I See You

Hovering over the opening section of Matthew 6 this morning. A warning about doing the right stuff for the wrong reasons “as the hypocrites do” — a warning about “practicing your righteousness before other people in order to be seen by them” (Matt. 6:1).

The hypocrites Jesus is talking about are those “in the synagogues” (6:2) who make a big deal of their acts of charity. The Pharisees who intentionally showcase their giving to the needy, their dedication to prayer, and their self-imposed hardship through fasting. They do these things, Jesus says, to be seen by others (6:5), their motive being the praise of others (6:2). And that, says Jesus, will be their reward — the accolades of men. So what?, He implies, when there is a greater, more lasting, eternally significant reward — to be seen by “the Father who sees in secret” and to receive His reward.

And your Father who sees in secret will reward you.

(Matthew 6:4b, 6b, 18b ESV)

If the sins of the Pharisees are an “either/or” proposition, then perhaps it’s easy to distance ourselves from people like them. If we’re not doing what they did for the reasons they did it, then we must be okay. But what if it’s less about an “either/or” and it’s more like a continuum? That while our heart may not be exactly like their heart, our actions can still reflect a heart that needs to be checked.

Honestly, who doesn’t want to be seen by someone? Who doesn’t want someone to know they’ve done good? Not that they desire a stage, not that they seek the applause of a crowd, they’re not looking for a following — they just want someone to notice. They want someone who’s connected closely enough, and deeply enough, that even the things that are “done in secret” can be shared. They just want to know they’re seen.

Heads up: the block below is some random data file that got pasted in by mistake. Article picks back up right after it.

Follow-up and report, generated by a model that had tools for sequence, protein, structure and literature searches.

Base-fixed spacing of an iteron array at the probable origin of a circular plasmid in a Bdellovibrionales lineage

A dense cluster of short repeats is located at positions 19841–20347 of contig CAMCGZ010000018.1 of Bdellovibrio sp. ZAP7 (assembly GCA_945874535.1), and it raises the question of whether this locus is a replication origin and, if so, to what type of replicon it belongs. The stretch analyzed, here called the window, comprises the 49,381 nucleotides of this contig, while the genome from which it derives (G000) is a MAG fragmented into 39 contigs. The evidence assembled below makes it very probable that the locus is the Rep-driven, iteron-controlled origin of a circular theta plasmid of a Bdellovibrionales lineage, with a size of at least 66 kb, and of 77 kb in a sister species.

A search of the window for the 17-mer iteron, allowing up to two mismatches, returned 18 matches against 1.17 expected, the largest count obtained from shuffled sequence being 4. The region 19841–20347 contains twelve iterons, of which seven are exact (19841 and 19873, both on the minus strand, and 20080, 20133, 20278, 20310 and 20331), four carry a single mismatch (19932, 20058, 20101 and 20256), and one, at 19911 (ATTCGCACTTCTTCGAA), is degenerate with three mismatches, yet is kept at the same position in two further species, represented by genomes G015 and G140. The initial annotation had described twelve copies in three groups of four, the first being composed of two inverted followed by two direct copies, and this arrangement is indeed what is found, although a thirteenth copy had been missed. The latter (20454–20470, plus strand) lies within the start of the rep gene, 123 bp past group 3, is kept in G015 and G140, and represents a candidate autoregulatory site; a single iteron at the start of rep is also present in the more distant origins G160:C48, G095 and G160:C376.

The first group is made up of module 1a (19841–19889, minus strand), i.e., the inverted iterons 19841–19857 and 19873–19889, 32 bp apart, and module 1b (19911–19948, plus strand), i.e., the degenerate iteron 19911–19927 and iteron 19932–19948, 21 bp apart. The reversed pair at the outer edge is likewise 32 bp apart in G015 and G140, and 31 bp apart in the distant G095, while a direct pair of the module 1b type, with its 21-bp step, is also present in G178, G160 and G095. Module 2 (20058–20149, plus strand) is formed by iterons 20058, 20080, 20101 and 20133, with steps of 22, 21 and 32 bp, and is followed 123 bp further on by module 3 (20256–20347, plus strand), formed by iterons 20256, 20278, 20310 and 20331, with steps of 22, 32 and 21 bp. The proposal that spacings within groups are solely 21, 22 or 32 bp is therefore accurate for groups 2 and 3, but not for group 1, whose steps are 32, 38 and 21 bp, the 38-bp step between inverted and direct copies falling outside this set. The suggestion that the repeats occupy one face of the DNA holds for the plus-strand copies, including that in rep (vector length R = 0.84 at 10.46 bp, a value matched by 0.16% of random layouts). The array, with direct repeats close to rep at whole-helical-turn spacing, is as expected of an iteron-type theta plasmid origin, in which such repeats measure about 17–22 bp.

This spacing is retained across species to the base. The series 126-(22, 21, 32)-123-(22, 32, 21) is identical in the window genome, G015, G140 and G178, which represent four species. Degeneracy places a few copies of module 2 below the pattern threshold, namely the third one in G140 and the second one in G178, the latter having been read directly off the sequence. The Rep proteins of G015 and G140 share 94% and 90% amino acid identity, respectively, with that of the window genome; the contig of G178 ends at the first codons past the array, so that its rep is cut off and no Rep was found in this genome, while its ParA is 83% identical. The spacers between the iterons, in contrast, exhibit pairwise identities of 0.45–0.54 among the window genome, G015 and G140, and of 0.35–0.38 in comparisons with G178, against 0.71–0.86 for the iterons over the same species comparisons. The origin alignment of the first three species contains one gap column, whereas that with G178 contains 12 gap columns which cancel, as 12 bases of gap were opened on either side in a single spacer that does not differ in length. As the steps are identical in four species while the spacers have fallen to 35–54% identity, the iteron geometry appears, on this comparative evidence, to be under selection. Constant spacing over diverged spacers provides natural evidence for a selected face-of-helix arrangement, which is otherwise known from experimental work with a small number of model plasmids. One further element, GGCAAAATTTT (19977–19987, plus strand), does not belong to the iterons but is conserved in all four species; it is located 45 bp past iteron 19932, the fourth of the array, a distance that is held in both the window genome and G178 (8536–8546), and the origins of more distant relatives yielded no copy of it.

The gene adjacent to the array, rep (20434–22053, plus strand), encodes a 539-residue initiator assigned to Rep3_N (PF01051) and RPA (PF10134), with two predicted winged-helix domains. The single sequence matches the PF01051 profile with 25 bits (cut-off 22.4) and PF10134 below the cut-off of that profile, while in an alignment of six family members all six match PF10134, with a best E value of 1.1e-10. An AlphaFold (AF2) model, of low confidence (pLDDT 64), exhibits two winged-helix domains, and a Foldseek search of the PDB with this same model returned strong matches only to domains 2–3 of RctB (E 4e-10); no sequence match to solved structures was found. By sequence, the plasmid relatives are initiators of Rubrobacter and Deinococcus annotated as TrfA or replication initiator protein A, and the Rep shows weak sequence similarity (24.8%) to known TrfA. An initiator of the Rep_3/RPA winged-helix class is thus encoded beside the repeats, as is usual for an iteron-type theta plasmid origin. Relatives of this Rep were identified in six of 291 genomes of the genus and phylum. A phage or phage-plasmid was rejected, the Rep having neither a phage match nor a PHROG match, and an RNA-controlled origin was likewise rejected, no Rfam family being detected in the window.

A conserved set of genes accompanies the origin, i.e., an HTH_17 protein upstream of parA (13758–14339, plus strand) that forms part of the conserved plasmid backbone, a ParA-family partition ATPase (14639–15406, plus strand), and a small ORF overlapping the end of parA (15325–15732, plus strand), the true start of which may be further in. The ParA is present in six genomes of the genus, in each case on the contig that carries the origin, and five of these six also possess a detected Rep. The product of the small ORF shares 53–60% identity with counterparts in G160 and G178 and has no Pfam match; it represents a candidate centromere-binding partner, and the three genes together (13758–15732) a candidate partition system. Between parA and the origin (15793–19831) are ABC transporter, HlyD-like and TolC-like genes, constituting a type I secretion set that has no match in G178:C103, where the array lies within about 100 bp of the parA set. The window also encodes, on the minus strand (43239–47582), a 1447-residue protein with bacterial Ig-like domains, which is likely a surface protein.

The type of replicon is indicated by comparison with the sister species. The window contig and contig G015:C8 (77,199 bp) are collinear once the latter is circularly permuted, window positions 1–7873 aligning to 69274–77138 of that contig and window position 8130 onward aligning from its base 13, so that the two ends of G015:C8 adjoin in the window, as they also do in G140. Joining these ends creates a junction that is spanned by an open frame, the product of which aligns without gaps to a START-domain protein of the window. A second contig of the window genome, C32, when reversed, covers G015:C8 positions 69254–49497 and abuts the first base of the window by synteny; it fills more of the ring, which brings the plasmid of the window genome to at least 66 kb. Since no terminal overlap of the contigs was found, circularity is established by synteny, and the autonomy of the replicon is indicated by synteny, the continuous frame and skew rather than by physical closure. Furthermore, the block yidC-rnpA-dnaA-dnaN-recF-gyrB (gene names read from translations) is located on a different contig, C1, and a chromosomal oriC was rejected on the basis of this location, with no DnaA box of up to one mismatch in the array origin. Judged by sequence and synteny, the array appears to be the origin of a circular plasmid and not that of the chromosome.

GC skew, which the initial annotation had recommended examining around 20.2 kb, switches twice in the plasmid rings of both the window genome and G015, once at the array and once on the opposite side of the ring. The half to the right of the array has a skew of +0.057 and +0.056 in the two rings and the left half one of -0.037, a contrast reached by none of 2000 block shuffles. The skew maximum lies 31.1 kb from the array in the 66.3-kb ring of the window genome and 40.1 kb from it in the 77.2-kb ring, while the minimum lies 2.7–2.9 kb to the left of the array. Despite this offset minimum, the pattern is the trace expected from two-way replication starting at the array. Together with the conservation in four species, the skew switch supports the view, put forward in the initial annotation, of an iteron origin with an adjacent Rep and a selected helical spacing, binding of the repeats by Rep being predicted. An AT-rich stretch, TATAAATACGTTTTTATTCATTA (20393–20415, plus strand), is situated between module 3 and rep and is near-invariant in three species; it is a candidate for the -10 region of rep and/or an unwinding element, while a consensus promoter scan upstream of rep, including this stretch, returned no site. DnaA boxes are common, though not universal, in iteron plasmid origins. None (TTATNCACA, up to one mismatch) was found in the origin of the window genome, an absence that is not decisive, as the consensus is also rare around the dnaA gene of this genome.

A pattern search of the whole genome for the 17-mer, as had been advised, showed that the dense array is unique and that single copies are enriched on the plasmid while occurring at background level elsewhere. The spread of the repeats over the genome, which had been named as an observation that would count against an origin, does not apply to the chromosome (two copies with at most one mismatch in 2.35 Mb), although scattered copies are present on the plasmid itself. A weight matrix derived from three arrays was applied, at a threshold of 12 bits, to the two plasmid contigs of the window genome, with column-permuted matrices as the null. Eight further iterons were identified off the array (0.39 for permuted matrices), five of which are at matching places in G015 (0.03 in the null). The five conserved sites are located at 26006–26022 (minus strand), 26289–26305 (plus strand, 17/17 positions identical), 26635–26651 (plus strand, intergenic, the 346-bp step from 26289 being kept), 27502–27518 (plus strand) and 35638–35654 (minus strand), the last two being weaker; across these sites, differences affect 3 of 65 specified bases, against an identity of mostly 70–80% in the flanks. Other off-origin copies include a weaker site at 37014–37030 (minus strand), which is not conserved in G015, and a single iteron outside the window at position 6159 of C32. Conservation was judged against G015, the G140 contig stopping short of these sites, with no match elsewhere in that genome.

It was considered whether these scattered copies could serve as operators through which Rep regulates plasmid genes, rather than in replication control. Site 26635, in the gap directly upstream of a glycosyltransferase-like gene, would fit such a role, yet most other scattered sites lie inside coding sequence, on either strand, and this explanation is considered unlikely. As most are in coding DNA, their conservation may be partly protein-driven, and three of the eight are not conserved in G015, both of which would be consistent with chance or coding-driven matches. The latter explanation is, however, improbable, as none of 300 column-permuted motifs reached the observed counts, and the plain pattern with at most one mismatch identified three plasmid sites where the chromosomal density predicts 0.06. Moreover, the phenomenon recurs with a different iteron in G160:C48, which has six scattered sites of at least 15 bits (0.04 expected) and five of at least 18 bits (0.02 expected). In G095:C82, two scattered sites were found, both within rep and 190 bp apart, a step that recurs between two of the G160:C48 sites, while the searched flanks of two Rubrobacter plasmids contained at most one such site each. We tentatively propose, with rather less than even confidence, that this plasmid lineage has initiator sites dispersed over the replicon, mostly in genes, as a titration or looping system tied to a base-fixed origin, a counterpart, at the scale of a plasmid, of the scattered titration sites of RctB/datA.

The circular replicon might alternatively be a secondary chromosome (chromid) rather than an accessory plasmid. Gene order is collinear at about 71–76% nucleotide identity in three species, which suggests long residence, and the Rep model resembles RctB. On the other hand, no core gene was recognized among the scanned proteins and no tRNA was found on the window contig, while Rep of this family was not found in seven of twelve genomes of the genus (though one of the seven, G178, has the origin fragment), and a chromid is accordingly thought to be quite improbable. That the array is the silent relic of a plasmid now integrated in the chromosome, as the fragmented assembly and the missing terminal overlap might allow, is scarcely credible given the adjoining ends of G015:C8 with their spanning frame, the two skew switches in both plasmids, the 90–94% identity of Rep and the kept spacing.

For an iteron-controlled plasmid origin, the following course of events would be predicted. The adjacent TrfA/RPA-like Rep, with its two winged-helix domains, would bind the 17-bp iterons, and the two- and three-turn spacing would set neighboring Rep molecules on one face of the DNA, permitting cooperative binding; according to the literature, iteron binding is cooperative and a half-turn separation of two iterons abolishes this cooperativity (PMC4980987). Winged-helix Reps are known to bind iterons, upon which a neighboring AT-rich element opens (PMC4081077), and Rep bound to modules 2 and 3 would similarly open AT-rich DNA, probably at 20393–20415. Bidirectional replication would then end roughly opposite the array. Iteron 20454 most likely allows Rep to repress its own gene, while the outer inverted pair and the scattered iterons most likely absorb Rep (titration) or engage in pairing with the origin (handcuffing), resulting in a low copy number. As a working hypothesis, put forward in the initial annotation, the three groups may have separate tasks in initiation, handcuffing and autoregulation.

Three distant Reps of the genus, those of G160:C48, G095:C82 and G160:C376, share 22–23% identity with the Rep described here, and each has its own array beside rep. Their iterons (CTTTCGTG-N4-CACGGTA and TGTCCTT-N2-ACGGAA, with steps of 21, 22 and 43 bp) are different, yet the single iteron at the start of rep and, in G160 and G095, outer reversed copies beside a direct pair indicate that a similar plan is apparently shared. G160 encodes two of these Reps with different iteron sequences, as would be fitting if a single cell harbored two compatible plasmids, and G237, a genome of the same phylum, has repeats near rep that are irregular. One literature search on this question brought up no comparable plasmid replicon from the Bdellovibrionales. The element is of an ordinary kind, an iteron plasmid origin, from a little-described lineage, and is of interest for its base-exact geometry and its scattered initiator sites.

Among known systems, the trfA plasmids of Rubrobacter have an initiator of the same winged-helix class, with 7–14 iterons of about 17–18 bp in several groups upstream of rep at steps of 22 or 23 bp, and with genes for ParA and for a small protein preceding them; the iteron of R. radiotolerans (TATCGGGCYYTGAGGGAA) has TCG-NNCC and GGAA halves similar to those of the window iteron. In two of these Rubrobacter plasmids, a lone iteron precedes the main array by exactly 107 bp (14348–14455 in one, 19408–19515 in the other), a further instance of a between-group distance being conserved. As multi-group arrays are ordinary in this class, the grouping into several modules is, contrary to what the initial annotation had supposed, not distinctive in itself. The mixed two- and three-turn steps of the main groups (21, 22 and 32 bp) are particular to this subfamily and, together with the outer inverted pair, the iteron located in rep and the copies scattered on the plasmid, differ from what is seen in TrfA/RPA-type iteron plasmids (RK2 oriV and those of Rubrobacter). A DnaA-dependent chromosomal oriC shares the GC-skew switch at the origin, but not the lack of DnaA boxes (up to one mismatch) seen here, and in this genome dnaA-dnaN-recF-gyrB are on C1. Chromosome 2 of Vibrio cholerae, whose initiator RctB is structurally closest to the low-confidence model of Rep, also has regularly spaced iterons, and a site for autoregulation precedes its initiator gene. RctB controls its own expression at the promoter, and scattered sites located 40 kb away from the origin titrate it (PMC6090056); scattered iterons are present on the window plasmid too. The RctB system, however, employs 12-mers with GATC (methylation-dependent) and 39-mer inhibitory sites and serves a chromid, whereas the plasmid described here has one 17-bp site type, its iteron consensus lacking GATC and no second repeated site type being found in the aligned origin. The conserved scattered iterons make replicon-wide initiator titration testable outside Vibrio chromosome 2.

Most, I’d venture to say, either know, or have known, that kind of relationship. Familiar with the dynamics of a close enough relationship where there’s someone who sees them. A marriage relationship, a family relationship, a close friend relationship, or even an accountability relationship — an intimate relationship where you are known and where you are seen.

But what if that relationship doesn’t exist? What if it’s not what it once was? What if the only one who sees is, in fact, “your Father who sees in secret?” Would it be enough to satisfy that longing to be seen, that desire to be known? If not, though not like the Pharisee who is driven to be seen by adoring crowds, in a sense aren’t we also in danger of doing our good works to be seen by others, even if that other is only one other, a very close other?

Hmmm . . . maybe this opening section of Matthew 6 is more targeted to me than I’d like to think.

To be satisfied in secret. To give to the needy without the left hand knowing what the right is doing. To pray in my closet with no one else the wiser. To fast without ever mentioning it. Knowing and believing that I’m still seen. That Someone still knows.

As if to punctuate these thoughts stimulated by Matthew 6, I then encountered the following in my reading in the Psalms:

The LORD looks down from heaven on the children of man, to see if there are any who understand, who seek after God.

(Psalm 14:2 ESV)

Oh, that the Father’s knowledge of who we are and what we do would be enough. That we really would be satisfied by an Audience of One.

Not that we shouldn’t have someone “on the inside” who celebrates our triumphs, rebukes our wrongdoings, and encourages us to keep on keepin’ on. After all, the Creator who created man put this “warning label” on the package, “It is not good that man should be alone” (Gen. 2:18).

But, should we find ourselves in an “it is not good” circumstance and we are alone, knowing that the Father sees will be sufficient. Knowing that Jesus is present will satisfy. Abiding through His Spirit, will be enough. Mindful that our recognition rewards are coming from the Father who sees in secret. Able to hear that still small voice whispering in our ear, “I see you.”

By His grace. For His glory.

This entry was posted in Matthew and tagged , , , . Bookmark the permalink.

Leave a Reply

Fill in your details below or click an icon to log in:

WordPress.com Logo

You are commenting using your WordPress.com account. Log Out /  Change )

Google photo

You are commenting using your Google account. Log Out /  Change )

Twitter picture

You are commenting using your Twitter account. Log Out /  Change )

Facebook photo

You are commenting using your Facebook account. Log Out /  Change )

Connecting to %s